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Sex, Power, and Attraction: The Impact of Power on Sexual Behaviors and Attitudes
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|Title:||Sex, Power, and Attraction: The Impact of Power on Sexual Behaviors and Attitudes|
operational sex ratios
|Date Issued:||May 2015|
|Publisher:||[Honolulu] : [University of Hawaii at Manoa], [May 2015]|
|Abstract:||Much of the existing literature on sexual behaviors and attitudes points to biological factors as the major determinants. Evolutionary theorists in particular cite the differential costs and benefits of reproduction for males and females as the major deciding factors in human sexual behaviors and attitudes. However, a major flaw of this previous literature is that it does not consider the social construct of power as a potential moderator of the relationship between gender and sexual behaviors and attitudes. Considering that males across the globe tend to have greater power and social status than women, it is important to address this gap. The present|
studies seek to do just that. Results presented in this paper suggest that power influences attitudes
toward, desires for, and willingness to engage in casual sex, regardless of gender. Furthermore, power was shown to influence the reporting of previous casual sex behaviors for women. Importantly, power was also shown to have a direct impact on attraction to various forms of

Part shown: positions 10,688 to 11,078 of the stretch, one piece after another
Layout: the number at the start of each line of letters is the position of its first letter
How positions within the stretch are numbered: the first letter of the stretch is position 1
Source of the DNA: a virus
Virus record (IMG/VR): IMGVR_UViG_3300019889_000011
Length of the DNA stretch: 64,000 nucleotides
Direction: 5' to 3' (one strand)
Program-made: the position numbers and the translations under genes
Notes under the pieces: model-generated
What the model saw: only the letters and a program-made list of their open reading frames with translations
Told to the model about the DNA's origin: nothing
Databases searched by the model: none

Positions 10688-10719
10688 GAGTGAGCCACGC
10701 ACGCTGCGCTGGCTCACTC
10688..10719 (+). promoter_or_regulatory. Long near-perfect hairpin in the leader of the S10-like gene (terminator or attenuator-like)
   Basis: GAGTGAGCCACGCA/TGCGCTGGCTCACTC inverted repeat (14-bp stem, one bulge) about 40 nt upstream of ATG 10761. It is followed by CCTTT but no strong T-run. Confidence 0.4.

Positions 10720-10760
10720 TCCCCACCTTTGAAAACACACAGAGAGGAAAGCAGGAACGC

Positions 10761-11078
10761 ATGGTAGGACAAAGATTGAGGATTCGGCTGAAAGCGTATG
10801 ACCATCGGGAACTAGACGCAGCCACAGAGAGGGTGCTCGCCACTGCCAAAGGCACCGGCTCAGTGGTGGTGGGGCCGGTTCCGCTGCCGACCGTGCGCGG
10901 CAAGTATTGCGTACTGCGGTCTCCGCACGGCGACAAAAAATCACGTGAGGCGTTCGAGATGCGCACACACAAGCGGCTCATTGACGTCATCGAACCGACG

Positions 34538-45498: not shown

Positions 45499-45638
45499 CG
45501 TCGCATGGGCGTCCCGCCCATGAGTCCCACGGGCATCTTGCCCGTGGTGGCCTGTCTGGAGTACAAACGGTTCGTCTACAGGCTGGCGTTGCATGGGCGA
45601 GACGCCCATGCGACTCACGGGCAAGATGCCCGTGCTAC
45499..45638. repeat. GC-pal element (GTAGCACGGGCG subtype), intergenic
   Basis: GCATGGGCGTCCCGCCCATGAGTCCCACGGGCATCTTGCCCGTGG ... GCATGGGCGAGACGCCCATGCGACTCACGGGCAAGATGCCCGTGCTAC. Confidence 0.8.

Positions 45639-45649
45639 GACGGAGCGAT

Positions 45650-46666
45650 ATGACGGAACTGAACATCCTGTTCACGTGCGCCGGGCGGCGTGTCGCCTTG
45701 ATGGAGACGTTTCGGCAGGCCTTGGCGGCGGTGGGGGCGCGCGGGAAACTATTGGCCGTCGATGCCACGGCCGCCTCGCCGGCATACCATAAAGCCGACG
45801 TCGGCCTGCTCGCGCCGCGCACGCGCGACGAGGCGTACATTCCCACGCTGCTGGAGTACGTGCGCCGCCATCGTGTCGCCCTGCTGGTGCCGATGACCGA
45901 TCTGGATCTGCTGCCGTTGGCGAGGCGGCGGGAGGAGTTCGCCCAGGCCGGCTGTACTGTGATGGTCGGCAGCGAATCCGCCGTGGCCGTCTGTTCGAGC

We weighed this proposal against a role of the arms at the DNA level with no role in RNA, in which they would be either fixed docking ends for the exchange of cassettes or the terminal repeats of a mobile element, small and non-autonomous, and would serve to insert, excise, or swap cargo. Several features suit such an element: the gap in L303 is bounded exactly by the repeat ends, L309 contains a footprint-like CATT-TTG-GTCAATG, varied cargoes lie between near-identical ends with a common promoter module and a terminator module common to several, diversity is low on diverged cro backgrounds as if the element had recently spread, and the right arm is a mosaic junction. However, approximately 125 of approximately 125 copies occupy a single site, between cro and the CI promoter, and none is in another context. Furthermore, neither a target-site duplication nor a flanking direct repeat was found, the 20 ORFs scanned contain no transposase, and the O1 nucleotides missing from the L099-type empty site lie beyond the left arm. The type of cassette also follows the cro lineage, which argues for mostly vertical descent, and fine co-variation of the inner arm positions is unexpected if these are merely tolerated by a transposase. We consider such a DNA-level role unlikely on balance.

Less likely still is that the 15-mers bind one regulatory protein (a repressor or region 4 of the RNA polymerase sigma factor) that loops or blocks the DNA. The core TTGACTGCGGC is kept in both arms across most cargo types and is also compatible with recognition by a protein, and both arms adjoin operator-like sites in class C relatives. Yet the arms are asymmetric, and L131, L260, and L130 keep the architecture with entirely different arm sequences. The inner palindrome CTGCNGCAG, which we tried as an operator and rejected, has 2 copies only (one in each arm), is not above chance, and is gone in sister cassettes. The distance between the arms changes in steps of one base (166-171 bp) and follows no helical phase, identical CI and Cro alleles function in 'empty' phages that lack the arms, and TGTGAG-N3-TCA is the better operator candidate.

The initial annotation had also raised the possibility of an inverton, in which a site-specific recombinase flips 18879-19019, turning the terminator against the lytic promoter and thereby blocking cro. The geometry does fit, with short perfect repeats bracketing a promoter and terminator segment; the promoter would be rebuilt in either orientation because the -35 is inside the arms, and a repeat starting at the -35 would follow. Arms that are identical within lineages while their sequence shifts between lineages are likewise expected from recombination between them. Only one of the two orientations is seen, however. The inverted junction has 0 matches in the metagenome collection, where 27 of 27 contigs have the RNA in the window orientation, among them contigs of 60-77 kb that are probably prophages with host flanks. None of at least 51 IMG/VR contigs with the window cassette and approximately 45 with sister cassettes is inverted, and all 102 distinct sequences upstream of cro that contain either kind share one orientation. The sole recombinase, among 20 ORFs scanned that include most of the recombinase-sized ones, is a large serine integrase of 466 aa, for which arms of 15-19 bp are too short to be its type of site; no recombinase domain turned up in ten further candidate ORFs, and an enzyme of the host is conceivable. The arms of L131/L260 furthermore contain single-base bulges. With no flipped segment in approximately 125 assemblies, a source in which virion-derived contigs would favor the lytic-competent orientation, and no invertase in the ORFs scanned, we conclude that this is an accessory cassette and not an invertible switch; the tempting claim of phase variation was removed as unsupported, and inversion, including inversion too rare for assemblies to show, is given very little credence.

sexual aggression, including attraction to bondage, conventional sex, and unconventional sex.
Moreover, power also impacted the mate quality that individuals thought they could realistically attain for a short-term relationship, such that people with power perceived themselves as capable of obtaining a higher quality mate for a short-term relationship. The data reported in this paper also demonstrate how gender, skewed sex ratios, and success or failure at obtaining a sexual partner impacted sexual behaviors, attitudes, and beliefs. Specifically, while males reliably demonstrated greater desires for casual sex, sex ratio and success/failure feedback further influenced the impact of gender, such that men who were successful at obtaining a partner in the female-biased condition reported the greatest desire for casual sex. Sex ratio and gender were also shown to interact with each other, such that individuals in limited supply reported having a higher mate value. These studies question previous beliefs about the biological underpinnings of sexuality, and instead support the idea that power may directly influence the relationship between gender and sexual behaviors and attitudes.
|Description:||Ph.D. University of Hawaii at Manoa 2015.|
Includes bibliographical references.
|Appears in Collections:||
Ph.D. - Psychology|
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